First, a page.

The plastic kitchens can be fairly affordable, but they don’t have efficient storage and they are garish.  I looked and priced, but I also scoured DIY websites and Pinterest.  As I usually do, I came to the conclusion that “I can make this.”

With Chuck’s help, of course.

My first stop was the Habitat for Humanity Re-Store.  This place is a gold mine for DIY-ers!  Any leftover and still functioning building materials are accepted as donations and then sold at low cost to raise money for Habitat.  In the past I have purchase shingles for our new shed, paint, tiles, and even unused tools.

The cabinet section was slightly bare but as luck would have it, they had exactly what I needed in stock.  Two cheap, plain wall cabinets for $10 and $15 each.  SCORE.  Some quick measurements and I was ready to go

You can clearly see the fridge, oven, and sink, right?

You can clearly see the fridge, oven, and sink, right?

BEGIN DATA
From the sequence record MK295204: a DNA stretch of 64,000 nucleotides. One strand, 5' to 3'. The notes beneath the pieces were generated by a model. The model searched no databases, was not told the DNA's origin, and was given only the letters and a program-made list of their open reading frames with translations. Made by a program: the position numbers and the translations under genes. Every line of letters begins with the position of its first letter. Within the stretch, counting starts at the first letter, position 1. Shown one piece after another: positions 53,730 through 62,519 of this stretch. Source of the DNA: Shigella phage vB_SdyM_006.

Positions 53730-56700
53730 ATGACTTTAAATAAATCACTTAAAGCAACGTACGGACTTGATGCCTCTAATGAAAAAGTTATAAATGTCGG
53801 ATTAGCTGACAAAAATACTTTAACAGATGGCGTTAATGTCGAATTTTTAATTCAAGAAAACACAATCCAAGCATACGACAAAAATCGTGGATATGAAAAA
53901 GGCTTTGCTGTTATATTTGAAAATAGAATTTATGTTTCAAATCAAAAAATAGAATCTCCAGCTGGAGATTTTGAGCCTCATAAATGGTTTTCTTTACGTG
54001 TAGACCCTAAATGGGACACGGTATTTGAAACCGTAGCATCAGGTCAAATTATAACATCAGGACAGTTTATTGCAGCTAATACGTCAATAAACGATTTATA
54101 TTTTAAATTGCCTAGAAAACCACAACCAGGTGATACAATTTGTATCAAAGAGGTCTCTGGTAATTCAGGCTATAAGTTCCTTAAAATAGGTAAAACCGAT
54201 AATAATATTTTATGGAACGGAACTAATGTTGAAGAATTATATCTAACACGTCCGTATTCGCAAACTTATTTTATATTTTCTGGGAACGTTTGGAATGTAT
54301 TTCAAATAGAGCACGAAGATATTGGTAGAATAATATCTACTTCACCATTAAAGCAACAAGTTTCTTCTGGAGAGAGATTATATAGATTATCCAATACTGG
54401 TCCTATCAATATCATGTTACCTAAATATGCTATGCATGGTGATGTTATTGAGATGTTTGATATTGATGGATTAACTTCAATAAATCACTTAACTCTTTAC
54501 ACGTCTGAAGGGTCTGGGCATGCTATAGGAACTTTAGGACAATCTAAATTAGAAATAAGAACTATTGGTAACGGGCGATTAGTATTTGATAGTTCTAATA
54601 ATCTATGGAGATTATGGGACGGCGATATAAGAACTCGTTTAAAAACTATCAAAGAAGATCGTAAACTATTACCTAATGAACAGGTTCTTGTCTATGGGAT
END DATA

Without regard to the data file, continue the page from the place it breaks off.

I picked up some MDF meant to be shelving  at Lowes and Chuck found some unused paneling in his workshop.  While he sanded the cabinets and jigged out a hole for the dog dish –turned –sink, I painted a mural for the backsplash using my acrylics and sealed the image with clear spray paint.

 

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sink made from a dog dish.

I think she has a nicer backsplash than I do!

I think she has a nicer backsplash than I do!

Once the whole piece was together, Chuck painted the kitchen while I painted the “fridge” with homemade chalkboard paint and I freehanded the “microwave.”  I found baskets at a thrift shop and spray painted them in various shades of green.

The fridge is painted with chalkboard paint!